Since 1962, several changes have occurred. UTEP and Colorado State became members in September 1967, while Arizona and Arizona State withdrew on June 30, 1978. The WAC then added San Diego State (1978), Hawai‘i (1979) and Air Force (1980). Before 1990, the WAC sponsored championships only in men’s sports. However, a merger with the High Country Athletic Conference formed a single conference under one administrative structure, and the 1990-91 athletic year was the first in which both men and women competed under the WAC name. Fresno State was added in 1992, and then in 1996, the women’s programs from Air Force and Hawai‘i along with six new schools (UNLV, Rice, San Jose State, SMU, TCU and Tulsa) came into the WAC. Air Force, Brigham Young, Colorado State, UNLV, New Mexico, San Diego State, Utah and Wyoming withdrew on June 30, 1999. Nevada (2000), Boise State (2001) and Louisiana Tech (2001) were added while TCU withdrew following the 2000-01 season. In 2005, Idaho, New Mexico State and Utah State joined the WAC after Rice, SMU, UTEP and Tulsa withdrew. Boise State withdrew prior to the 2011-12 season. In 2012, the WAC added Denver, Seattle U, UT Arlington, UTSA and Texas State. In 2013, the WAC added CSU Bakersfield, Chicago State, Grand Canyon, Kansas City, Texas-Pan American and Utah Valley to join Idaho, New Mexico State and Seattle U. The new institutions replaced withdrawing members, Denver, Louisiana Tech, San Jose State, Utah State, UT Arlington, UTSA and Texas State. Idaho withdrew from the conference prior to the 2014-15 season. In 2015, Texas-Pan American merged with UT Brownsville to form The University of Texas Rio Grande Valley. California Baptist University became the ninth member of the conference on July 1, 2018. In January of 2019 Dixie State University accepted an invitation to join the conference effective July 1, 2020, replacing exiting member CSU Bakersfield. In November of 2019 Tarleton State University accepted an invitation for membership in the conference effective July 1, 2020, replacing exiting member Kansas City. On January 14, 2021, the WAC announced the addition of Abilene Christian University, Lamar University, Sam Houston State University, Stephen F. Austin State University and Southern Utah University. The conference also announced the return of football at the FCS level.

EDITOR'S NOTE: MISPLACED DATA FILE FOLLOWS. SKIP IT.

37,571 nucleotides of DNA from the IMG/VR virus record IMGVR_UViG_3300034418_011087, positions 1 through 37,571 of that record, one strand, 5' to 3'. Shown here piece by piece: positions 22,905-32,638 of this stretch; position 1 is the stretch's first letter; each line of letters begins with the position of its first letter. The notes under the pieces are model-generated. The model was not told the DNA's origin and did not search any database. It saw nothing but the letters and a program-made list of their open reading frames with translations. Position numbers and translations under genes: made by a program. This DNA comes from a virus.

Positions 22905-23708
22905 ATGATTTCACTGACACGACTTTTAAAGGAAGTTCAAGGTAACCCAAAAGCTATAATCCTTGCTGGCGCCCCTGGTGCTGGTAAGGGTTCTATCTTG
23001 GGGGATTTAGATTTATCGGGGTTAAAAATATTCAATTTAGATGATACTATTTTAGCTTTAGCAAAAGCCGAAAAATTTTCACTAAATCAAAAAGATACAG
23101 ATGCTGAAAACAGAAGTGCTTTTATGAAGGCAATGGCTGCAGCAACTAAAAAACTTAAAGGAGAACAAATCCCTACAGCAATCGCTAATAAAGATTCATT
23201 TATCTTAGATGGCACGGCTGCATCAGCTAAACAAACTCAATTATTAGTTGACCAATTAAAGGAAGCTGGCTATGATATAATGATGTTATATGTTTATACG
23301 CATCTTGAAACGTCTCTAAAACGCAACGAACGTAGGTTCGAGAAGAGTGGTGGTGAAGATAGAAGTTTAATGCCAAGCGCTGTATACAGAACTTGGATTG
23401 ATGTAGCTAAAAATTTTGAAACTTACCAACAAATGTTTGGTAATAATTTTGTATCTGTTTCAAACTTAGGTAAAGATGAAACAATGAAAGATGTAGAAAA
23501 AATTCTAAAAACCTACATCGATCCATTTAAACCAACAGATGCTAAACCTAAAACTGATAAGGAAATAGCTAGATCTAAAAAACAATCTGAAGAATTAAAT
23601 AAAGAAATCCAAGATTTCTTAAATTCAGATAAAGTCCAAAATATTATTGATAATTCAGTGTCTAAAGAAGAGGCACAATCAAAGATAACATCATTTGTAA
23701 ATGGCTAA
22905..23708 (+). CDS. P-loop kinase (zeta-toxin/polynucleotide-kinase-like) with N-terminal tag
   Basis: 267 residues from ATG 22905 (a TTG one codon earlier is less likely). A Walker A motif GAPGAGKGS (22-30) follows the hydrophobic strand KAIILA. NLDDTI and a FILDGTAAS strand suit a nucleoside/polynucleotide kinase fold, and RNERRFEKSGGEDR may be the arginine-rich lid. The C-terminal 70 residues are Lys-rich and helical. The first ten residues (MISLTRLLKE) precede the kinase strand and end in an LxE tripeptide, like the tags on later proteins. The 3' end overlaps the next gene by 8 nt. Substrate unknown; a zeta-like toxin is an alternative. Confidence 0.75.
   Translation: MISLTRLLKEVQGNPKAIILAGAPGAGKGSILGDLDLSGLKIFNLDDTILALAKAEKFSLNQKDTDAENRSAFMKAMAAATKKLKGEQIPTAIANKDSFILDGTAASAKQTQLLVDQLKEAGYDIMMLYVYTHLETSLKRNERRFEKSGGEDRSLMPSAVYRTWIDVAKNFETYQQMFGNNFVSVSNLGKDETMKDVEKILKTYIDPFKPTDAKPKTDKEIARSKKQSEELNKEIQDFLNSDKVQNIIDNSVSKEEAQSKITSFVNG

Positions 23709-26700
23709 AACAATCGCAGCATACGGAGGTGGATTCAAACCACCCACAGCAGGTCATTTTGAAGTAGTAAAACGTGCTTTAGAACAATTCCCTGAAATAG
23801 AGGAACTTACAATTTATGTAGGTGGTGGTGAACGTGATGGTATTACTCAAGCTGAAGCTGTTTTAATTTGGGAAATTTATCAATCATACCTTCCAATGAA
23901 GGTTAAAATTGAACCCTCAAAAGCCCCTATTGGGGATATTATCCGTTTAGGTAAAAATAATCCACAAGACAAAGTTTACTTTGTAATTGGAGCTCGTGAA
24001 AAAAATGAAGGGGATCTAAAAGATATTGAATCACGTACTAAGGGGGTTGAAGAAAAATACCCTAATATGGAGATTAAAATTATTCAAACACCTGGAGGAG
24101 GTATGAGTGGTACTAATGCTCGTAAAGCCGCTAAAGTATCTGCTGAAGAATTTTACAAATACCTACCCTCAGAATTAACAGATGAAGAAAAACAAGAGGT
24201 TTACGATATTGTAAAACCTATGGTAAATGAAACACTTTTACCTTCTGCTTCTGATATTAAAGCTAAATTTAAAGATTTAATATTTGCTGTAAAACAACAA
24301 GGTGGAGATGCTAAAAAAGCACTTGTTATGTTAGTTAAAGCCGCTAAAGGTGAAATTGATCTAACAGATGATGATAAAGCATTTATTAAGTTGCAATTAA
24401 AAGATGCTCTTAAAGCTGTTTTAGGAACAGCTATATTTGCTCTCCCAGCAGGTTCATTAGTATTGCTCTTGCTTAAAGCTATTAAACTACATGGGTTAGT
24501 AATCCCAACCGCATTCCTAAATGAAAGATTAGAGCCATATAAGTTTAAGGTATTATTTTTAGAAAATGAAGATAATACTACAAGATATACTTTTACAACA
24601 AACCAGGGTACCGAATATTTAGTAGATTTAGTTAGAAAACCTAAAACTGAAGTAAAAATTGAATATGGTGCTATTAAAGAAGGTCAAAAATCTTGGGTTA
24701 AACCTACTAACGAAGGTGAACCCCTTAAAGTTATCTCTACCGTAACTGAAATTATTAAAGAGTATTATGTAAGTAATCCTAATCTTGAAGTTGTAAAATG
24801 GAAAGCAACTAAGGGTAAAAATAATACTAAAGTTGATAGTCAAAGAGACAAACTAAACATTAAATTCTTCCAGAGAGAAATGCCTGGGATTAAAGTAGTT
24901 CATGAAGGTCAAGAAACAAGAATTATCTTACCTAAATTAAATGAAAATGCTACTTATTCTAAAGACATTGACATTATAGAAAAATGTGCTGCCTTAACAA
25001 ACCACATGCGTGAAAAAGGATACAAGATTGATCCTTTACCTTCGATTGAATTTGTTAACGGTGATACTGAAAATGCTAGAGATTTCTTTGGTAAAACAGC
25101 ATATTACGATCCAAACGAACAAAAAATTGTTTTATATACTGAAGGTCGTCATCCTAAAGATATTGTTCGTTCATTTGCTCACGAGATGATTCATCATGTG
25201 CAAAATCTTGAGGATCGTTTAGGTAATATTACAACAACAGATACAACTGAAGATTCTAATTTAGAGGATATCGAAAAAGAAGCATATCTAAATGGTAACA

The WAC has had seven commissioners in its history. Paul Brechler was named the first leader of the conference and held the position from 1962-1968. He was followed by Wiles Hallock (1968-71), Stan Bates (1971-80), Dr. Joe Kearney (1980-94), Karl Benson (1994-2012), Jeff Hurd (2012-2021) and current commissioner Brian Thornton (2021-present).

The WAC office has been located in the Denver area since the conference’s inception with the exception of a two-year stay in Phoenix from 1964-66.


WAC CHAMPIONS


Presently, the WAC crowns champions in 20 sports – 10 men’s and 10 women’s. For the men, there are championships in baseball, basketball, cross country, football (regular season only), golf, soccer, swimming and diving, tennis, indoor track and field and outdoor track and field. Championships for women are held in basketball, cross country, golf, soccer, softball, swimming and diving, tennis, indoor track and field, outdoor track and field and volleyball.